Five US senators call on FDA to do its job and actually regulate the tobacco industry

Editors  Note:   Those who argue that the FDA should act hastily without demanding that their actions be science based forget that such actions are subject to judicial review.  The courts are bound by statutes which require them to set aside actions which are arbitrary and not based upon sound science. To this end the resounding defeat the FDA suffered as a result of its emotional action on graphic tobacco warnings had to be an extreme embarrassment on its maiden voyage of regulation. Consequently it is not only understandable but sound public policy for FDA to proceed cautiously by adopting a science based approach to regulation including a complete review of the emergence of contraband tobacco.
University of California, San Francisco
Submitted by sglantz
Five US Senators — Frank Lautenberg, Dick Durbin, Tom Harkin, Sherrod Brown, and Richard Blumenthal — have written a letter to the FDA Commissioner urging the FDA to get the lead out and start effectively protecting consumers.


Among other things, the senators pointed out that, “cigarette companies continue to deceptively market their products, misleading consumers about the health consequences that come from smoking.  For example, American Spirit Cigarettes, made by Reynolds American subsidiary the Sante Fe Natural Tobacco Company, claim to be ‘natural’ and ‘organic,’ implying that these cigarettes are better for smokers’ health.  Likewise, Philip Morris Company sells Marlboro Smooths as well as Virgina Slims, whose names have similar ‘healthy’ connotations.  Additionally, companies use colors to suggest that some cigarettes are safer.  Marlboro now uses Gold and Silver as code for ‘light’ and ‘ultra light.'”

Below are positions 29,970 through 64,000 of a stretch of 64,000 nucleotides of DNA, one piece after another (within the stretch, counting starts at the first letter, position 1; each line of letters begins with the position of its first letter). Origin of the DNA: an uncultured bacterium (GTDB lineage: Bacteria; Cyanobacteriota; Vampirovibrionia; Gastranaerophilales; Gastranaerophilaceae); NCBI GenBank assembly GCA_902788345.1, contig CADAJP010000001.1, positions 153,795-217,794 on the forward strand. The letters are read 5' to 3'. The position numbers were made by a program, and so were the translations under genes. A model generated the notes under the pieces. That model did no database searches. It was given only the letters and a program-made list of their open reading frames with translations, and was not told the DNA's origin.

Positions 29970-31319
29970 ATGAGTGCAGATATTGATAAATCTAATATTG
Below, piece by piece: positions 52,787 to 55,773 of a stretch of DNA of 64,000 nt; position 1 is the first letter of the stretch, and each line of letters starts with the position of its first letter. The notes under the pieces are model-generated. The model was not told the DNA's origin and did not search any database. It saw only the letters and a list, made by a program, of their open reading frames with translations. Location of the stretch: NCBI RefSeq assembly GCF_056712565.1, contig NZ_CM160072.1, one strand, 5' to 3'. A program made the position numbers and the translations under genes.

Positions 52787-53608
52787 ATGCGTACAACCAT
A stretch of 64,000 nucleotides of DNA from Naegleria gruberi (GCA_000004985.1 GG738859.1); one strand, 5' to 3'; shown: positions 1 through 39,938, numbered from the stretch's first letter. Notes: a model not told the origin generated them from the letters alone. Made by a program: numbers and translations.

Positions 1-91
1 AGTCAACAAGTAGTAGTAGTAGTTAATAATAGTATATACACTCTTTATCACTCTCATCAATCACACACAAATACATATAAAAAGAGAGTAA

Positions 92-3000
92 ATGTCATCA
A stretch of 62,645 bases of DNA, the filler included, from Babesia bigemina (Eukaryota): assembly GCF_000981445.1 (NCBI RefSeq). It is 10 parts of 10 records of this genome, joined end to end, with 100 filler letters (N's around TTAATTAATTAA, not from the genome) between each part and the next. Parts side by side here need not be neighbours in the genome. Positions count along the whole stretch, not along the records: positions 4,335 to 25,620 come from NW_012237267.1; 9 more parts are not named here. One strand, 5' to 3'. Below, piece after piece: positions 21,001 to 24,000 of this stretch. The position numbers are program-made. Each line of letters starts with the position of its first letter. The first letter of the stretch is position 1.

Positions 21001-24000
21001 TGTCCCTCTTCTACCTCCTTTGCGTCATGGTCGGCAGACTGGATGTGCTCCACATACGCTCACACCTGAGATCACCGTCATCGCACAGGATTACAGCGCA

These concerns mirror increasing frustration I am hearing broadly across the health community.

It is no secret that I was skeptical that FDA regulation would come to anything.  While the FDA proposed good graphical warning labels, they accompanied their rule with an economic cost-benefit analysis that wildly overstated the costs and even more wildly understated the benefits, something Judge Leon seized on in his ruling against the warning labels.

And, of course, there is menthol.  Rather than acting on the FDA’s Tobacco Products Scientific Advisory Committee conclusion that public health would benefit from removing menthol, the Agency embarked on its own additional report and peer review which will then be put out for more public comment — which the industry will respond with voluminous “comments” that the FDA will then have to deal with, creating more delays.

And all  the time, the cigarette companies will merrily keep pushing menthol to African Americans, women and kids.

It’s time for public health join with these senators and start demanding publicly that the FDA do its job.  Or we could all just admit that the agency has become so gummed up in its own internal culture that just sees the tobacco companies as one more “stakeholder” (rather than the racketeers they are) and stop wasting our time trying to convince an elephant to fly.

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